Thursday, June 15, 2023

Black Panther: Wakanda Forever (USA: Ryan Coogler, 2022)

 Black Panther: Wakanda Forever (USA: Ryan Coogler, 2022: 161 mins)

Flight, Thomas and Tom van der Linden. "Black Panther: Wakanda Forever." Cinema of Meaning #40 (December 1, 2022) ["Thomas Flight and Tom van der Linden discuss the implications of Wakanda entering the world stage and upsetting the global status quo, Marvel’s reluctance to really dig into revolutionary and post-colonial politics, and the struggle to continue the Black Panther story after the tragic passing of Chadwick Boseman, in Ryan Coogler’s Black Panther: Wakanda Forever."]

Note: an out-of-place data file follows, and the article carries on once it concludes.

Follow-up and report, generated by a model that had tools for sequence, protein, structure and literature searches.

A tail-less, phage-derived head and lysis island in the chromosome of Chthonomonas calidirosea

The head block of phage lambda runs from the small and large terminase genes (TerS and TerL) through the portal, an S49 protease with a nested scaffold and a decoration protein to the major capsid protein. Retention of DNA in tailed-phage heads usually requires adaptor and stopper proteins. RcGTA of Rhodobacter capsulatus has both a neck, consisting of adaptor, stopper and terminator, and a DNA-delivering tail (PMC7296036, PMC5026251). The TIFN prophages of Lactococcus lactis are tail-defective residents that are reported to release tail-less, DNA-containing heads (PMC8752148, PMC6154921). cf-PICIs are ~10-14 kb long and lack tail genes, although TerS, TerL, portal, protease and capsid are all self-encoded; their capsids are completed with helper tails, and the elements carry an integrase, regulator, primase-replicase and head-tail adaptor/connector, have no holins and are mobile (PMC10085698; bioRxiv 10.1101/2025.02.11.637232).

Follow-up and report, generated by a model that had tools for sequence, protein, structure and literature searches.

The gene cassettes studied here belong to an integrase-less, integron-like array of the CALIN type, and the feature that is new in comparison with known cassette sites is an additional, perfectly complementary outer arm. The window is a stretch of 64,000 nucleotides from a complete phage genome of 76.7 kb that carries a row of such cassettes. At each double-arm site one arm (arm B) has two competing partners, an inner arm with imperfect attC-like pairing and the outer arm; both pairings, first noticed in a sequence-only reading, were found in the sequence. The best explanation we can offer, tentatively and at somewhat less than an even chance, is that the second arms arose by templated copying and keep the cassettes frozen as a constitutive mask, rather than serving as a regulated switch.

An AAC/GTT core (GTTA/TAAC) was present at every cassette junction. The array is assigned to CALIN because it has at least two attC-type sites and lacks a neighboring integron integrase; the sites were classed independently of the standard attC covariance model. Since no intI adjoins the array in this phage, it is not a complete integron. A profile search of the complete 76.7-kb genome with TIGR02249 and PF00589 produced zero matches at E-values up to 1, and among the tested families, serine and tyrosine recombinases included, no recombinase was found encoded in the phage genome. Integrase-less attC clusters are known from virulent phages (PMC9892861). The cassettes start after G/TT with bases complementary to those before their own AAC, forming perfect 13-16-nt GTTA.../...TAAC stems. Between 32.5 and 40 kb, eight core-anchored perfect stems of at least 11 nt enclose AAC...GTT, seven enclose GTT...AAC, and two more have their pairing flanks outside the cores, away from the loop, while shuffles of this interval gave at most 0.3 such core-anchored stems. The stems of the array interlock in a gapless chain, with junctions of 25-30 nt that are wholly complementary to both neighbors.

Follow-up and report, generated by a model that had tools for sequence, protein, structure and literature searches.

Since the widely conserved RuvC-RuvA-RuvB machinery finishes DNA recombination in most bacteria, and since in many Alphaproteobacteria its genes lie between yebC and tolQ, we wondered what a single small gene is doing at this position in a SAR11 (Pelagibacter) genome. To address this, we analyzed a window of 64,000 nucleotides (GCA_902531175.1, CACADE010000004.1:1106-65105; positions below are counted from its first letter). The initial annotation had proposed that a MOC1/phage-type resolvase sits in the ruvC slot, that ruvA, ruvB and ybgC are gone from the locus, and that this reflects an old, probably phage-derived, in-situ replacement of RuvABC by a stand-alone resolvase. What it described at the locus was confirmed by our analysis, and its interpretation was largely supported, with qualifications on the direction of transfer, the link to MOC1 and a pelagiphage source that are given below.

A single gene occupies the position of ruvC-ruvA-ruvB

Pierrot, Grégory. "Black Panther: Wakanda Forever— Eternal Return of the Afro-Horn." Evergreen Review (Spring/Summer 2023) ["Having completed an initial cycle of the Marvel Cinematic Universe, Disney has begun to unleash the first installments in its new ten-year plan. Brace for the onslaught and a new opportunity to wonder how many variations on the same generic plot structure are needed to screw in the neon sign of the Marvel Cinematic Universe, a galaxy as full of variety and promise as it is frustrating in its commitment to the generic. It is arguably one of the great frustrations of the Age of Marvel that after it finally figured out the special effects to do justice to the expansiveness of the original comic books, Disney also worked overtime to distill and dilute all that was weird, silly, garish, elating about them into a surefire, hit-making formula. The hero may have a thousand faces and Disney a hefty roster of them at hand, but inside they’re also all made of the same flesh, and a lot of it is twice lab-grown, having gone through comic book assembly lines before reprocessing in Hollywood. In those circumstances, departures from formula become all the more significant. When Ryan Coogler directed Black Panther, he did not just bring fifty years of Black superhero comics to the screen; he was expressly inspired by all the Black writers and artists, from Billy Graham, Christopher Priest, Brian Stelfreeze, and Alitha Martinez to the Hudlin brothers, Ta-Nehisi Coates, and Roxane Gay, all of whom contributed along the years to turn an often corny cat into a cultural icon. Coogler brought as Black Panther’s main foe Killmonger, a cousin and polar inversion who could have been as cringeworthy as Bizarro, but turned out as existential a nemesis as Poe’s William Wilson, and sharing the same sharp fate. The film managed to simultaneously propose and absorb a notion that Killmonger made something painfully clear: however cool and well-meaning, a monarch—and both these guys were monarchs—can’t be a revolutionary. Still, working within these limits, Coogler made a way out of no way with humor and by sprinkling historical and political Easter eggs for those who would explore."]

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